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TCC Tip: Don't Let Your Dog Ride Shotgun

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Dog in driving gear

Dog in driving gear

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Your dog may in fact "want to go for a ride"--but that ride could end up hurting you both, according to a survey from the AAA Foundation for Traffic Safety.

The charitable wing of the roadside-services provider says as many as one-third of dog owners report their pets distracted them while driving. Worse, nearly a quarter of them say they let their animals ride on their laps--and some even say they play or entertain their dogs while driving.

The AAA recommends all pets be leashed with a harness and be enclosed in a discrete area of any moving vehicle, but they add some drivers don't understand the physics of moving bodies in a car accident.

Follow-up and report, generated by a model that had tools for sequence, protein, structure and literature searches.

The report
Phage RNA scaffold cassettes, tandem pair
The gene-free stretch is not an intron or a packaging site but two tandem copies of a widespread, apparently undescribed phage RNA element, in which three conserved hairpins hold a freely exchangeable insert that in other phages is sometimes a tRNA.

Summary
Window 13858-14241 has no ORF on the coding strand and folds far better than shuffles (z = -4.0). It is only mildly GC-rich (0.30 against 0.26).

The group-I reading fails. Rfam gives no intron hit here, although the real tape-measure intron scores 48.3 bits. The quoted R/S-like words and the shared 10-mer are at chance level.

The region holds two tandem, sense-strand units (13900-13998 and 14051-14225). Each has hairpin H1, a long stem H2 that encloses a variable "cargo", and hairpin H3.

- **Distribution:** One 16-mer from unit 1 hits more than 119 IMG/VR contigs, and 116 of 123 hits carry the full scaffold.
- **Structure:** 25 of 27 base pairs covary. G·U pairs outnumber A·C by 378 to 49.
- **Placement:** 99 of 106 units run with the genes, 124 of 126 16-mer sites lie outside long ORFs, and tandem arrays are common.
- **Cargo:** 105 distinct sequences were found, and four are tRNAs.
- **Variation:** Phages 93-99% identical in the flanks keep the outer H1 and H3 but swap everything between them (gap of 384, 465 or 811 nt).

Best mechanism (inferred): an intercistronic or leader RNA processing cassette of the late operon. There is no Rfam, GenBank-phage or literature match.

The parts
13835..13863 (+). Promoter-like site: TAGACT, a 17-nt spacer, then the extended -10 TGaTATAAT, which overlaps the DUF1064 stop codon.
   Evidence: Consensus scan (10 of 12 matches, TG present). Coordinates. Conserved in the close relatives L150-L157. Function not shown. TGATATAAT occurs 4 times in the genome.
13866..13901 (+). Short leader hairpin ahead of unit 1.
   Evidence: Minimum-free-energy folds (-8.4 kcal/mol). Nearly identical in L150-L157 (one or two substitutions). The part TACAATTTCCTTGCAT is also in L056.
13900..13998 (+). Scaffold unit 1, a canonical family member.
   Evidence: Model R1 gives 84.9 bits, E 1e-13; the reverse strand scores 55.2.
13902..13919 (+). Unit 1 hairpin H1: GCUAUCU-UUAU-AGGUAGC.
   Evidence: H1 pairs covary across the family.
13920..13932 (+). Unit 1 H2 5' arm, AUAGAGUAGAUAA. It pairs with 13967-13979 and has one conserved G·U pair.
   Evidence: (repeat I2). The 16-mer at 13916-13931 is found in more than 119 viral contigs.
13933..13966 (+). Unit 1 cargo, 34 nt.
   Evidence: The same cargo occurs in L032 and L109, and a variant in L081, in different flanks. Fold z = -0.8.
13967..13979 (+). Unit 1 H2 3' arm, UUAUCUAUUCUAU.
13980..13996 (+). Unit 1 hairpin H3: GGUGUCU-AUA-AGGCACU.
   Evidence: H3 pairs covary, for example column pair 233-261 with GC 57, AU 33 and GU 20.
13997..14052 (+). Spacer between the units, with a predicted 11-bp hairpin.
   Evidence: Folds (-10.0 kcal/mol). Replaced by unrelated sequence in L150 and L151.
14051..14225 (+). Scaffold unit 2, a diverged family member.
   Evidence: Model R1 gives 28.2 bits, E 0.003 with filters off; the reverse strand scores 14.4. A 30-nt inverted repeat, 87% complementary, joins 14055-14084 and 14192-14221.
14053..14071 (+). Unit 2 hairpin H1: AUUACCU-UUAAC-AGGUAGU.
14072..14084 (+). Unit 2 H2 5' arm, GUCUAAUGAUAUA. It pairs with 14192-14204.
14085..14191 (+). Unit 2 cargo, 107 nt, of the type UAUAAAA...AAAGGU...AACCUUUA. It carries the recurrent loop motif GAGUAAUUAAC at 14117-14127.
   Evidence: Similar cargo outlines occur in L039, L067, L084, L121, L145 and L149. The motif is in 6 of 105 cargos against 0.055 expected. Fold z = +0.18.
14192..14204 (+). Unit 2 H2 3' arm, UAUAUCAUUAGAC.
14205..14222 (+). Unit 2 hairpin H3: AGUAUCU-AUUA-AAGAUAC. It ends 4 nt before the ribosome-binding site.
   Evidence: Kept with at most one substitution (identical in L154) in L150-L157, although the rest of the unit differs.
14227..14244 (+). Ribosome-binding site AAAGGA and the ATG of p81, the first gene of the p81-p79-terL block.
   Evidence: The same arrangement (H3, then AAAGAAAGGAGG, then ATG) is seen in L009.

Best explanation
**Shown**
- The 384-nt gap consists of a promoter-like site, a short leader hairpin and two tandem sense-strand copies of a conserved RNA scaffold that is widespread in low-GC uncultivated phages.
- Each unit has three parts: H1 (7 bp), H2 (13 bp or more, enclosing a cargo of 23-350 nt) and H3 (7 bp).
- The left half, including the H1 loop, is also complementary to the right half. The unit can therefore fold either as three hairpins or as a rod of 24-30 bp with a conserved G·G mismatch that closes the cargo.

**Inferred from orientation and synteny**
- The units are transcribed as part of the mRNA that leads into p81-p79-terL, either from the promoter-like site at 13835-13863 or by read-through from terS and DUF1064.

"An unrestrained 80-pound dog in a crash at only 30 mph will exert 2,400 pounds of pressure," says Jennifer Huebner, AAA National, Traffic Safety Programs manager."

About one-quarter of drivers polled also allowed their dogs to ride in the front seat of the car--a position the AAA says is exceptionally dangerous, due to airbags that can cause more injury than a car accident itself to a pet.

Every pet should be restrained with the same safety measures you take for small occupants. If you haven't outfitted your car with any pet-friendly safety gear, we suggest you check out information provided by pet-friendly carmakers like Honda, Volvo, and Subaru for the latest hardware and tips--and make sure to get the ASPCA's traveling-with-pets checksheet for making your trip with your pets as safe as possible.

[CNNMoney, photo by Praksi]

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